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Community is king: how new London villages can help solve the housing crisis

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New research published today by LSE and the Berkeley Group explores how urban villages could help address the capital’s housing crisis. 

The report, called ‘New London Villages’, identifies six characteristics of a real urban village. These include being a place that is unique, mixed, locally driven and designed for social interaction. The authors then tested Kidbrooke Village in the Royal Borough of Greenwich against them and made a series of recommendations for all new major developments in London. In particular:

  • Private developers should lead on community development – specifically on long-term regeneration programmes during the initial five to ten year period after the first residents have moved in.
  • Struggling London estates could become successful villages but the public sector has to prioritise quality and delivery, not just price, when they sell public land.

Kath Scanlon, Assistant Professorial Research Fellow at LSE and joint author of the report, said: “London is a city made of villages. That heritage still matters and is incredibly popular. Our response to the housing crisis needs to draw on those qualities that still make them so desirable. Every time we look at a site or designate a Housing Zone, we should think about the social qualities that place could possess, not just how it might contribute to housing targets or the economy.”

The research makes clear that villages cannot be created instantly. They emerge over time, as local traditions and a sense of collective memory become established. But the process can be accelerated on new development if someone is willing to act as a catalyst. 

Today, the authors believe that private developers should pick up the role of community development previously occupied by councils. They recommend that developers should plan for these activities, resource them adequately and staff them with appropriate expertise. In return, planning authorities might trade off an element of capital expenditure on physical amenity for revenue funding to support community development.

Tony Pidgley CBE, Chairman of the Berkeley Group, said: “Fundamentally, housebuilding is about creating community. We have put our heart and soul into engaging with the residents and building a new London village on the site of the old Ferrier Estate. Today a real community is starting to emerge at Kidbrooke, with something for everyone, from each and every part of society. Clearly, not every major site has to be a village. But they are part of London’s history and I think they could help define its future.”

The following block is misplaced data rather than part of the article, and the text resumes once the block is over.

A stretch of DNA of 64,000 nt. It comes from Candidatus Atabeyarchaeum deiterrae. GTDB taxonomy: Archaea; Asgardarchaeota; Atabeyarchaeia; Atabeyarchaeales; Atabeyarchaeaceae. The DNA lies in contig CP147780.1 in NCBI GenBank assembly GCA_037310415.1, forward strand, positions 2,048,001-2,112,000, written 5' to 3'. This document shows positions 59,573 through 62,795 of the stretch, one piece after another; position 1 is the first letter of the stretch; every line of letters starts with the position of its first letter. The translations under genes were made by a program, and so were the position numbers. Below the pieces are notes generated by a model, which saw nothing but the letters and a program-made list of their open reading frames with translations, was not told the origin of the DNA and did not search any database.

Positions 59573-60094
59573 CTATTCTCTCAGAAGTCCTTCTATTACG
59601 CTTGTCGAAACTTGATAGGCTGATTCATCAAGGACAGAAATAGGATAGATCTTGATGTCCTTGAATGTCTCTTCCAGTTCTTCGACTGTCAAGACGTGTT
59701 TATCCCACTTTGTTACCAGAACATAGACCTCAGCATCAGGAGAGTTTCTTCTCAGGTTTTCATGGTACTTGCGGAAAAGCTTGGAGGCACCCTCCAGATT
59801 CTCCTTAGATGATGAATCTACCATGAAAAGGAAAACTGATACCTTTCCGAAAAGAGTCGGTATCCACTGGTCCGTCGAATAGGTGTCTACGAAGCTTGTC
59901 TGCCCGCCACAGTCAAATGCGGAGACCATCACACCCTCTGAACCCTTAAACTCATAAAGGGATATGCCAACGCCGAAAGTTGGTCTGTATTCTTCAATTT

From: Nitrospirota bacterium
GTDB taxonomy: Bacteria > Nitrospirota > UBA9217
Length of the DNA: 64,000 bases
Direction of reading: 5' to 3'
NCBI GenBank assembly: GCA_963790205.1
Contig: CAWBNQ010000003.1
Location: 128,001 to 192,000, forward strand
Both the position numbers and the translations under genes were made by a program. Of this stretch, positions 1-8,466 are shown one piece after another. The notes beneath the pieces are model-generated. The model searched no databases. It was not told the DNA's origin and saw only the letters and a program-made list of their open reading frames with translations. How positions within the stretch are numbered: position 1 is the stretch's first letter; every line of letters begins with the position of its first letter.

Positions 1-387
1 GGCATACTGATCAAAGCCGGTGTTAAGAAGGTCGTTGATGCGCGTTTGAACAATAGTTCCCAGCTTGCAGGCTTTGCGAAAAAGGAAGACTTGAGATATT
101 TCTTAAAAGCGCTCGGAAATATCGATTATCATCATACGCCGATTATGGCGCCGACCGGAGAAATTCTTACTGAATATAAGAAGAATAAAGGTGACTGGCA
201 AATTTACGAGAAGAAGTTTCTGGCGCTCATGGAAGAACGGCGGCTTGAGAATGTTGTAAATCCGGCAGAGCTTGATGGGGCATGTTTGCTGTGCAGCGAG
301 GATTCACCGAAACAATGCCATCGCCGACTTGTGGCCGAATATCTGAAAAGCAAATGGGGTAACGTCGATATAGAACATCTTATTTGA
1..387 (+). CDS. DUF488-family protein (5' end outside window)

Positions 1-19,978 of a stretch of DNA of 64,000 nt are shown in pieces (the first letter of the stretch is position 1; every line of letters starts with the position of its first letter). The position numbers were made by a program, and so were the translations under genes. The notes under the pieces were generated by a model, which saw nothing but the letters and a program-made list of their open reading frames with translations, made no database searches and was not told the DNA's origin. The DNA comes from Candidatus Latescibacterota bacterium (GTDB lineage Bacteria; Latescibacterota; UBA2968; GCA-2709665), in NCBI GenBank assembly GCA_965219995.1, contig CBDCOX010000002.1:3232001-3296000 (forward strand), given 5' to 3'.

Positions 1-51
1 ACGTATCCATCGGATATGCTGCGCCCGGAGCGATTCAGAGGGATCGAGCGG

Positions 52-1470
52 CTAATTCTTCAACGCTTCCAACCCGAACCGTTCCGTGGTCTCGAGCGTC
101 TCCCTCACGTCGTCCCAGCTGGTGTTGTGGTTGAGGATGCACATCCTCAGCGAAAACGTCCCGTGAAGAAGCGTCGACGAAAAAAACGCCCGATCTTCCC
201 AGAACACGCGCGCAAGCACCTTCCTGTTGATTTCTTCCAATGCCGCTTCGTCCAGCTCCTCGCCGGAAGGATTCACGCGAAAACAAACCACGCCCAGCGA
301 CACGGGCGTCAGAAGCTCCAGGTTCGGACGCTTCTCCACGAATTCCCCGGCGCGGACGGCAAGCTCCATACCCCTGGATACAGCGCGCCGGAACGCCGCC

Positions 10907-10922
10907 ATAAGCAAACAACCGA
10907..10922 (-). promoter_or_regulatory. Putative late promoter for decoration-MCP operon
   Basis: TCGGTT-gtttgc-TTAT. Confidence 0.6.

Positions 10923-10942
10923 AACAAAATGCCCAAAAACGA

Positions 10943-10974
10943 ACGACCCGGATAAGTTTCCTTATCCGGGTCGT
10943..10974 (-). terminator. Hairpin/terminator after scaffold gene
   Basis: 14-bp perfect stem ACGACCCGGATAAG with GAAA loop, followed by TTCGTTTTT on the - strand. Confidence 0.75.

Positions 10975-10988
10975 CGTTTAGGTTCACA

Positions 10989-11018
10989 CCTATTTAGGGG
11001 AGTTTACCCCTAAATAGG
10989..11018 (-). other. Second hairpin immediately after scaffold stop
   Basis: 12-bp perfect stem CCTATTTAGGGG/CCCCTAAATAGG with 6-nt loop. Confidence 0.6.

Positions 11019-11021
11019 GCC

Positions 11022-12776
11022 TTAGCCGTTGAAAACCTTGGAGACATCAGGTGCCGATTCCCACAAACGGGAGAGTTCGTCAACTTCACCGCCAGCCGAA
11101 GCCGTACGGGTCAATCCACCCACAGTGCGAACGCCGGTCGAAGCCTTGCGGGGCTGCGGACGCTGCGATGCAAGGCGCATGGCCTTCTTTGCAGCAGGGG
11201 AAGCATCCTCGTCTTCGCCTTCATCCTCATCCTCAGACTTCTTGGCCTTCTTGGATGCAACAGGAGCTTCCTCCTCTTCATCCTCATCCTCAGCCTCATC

Berkeley has now committed to produce a Community Plan for all its new developments.

Posted: 12 July 2016

For more information

For a copy of the report and images of Kidbrooke Village, contact: Kate Owen at Berkeley Group (kate.owen@berkeleygroup.co.uk) and to arrange interviews with Kath Scanlon, contact Sue Windebank at LSE (t: 020 7955 7060, s.windebank@lse.ac.uk).

Notes to Editors 

The six characteristics of a London village defined by LSE are:

  1. Small and intimate – it can be comfortably covered on foot.
  2. Unique – an identifiable centre with its own atmosphere and sense of place with defined boundaries.
  3. Designed for social interaction – ample public and green space, facilities for      community events and a central hub to generate social interaction.
  4. Locally driven and locally responsive – residents are fully involved in decisions that affect their community.
  5. Functional – well served bypublic & private transport with core services nearby such as a doctor’s surgery, food shops and schools.
  6. A mixed community – a mix ofages, ethnicities, tenures, long-standing residents, newer arrivals.

About LSE

This study has been commissioned via LSE Consulting, part of LSE Enterprise – the global business arm of the London School of Economics and Political Science (LSE). The company draws on the world-class teaching and research of LSE to undertake consulting, commercial research and customised executive education for governments, public and private sector organisations.

  About the Berkeley Group

  • The Berkeley Group builds homes and neighbourhoods. It is a publicly-owned company listed on the London Stock Exchange as a FTSE 100 company.
  • Berkeley Group is the only housebuilder to have won the Queen’s Award for Sustainable Development twice in 2008 and 2014. In 2015, Berkeley was voted Britain’s fifth most admired company across all sectors and also named British Housebuilder of the Year by the Sunday Times.
  • Visit http://www.berkeleygroup.co.uk/about-berkeley-group for more information

About Kidbrooke Village

Kidbrooke Village is the redevelopment of the Ferrier Estate. The Estate was constructed by London City Council between 1968 and 1972. It was originally an award winning development but by the 80’s it had become one of the most economically deprived areas in London. Once complete, Kidbrooke Village will provide homes for nearly 5,000 people. Over 1,224 homes have already been delivered along with 229 permanent jobs and 76 apprenticeships. Alongside the new homes will be shops, schools, healthcare facilities and a new train station.

 

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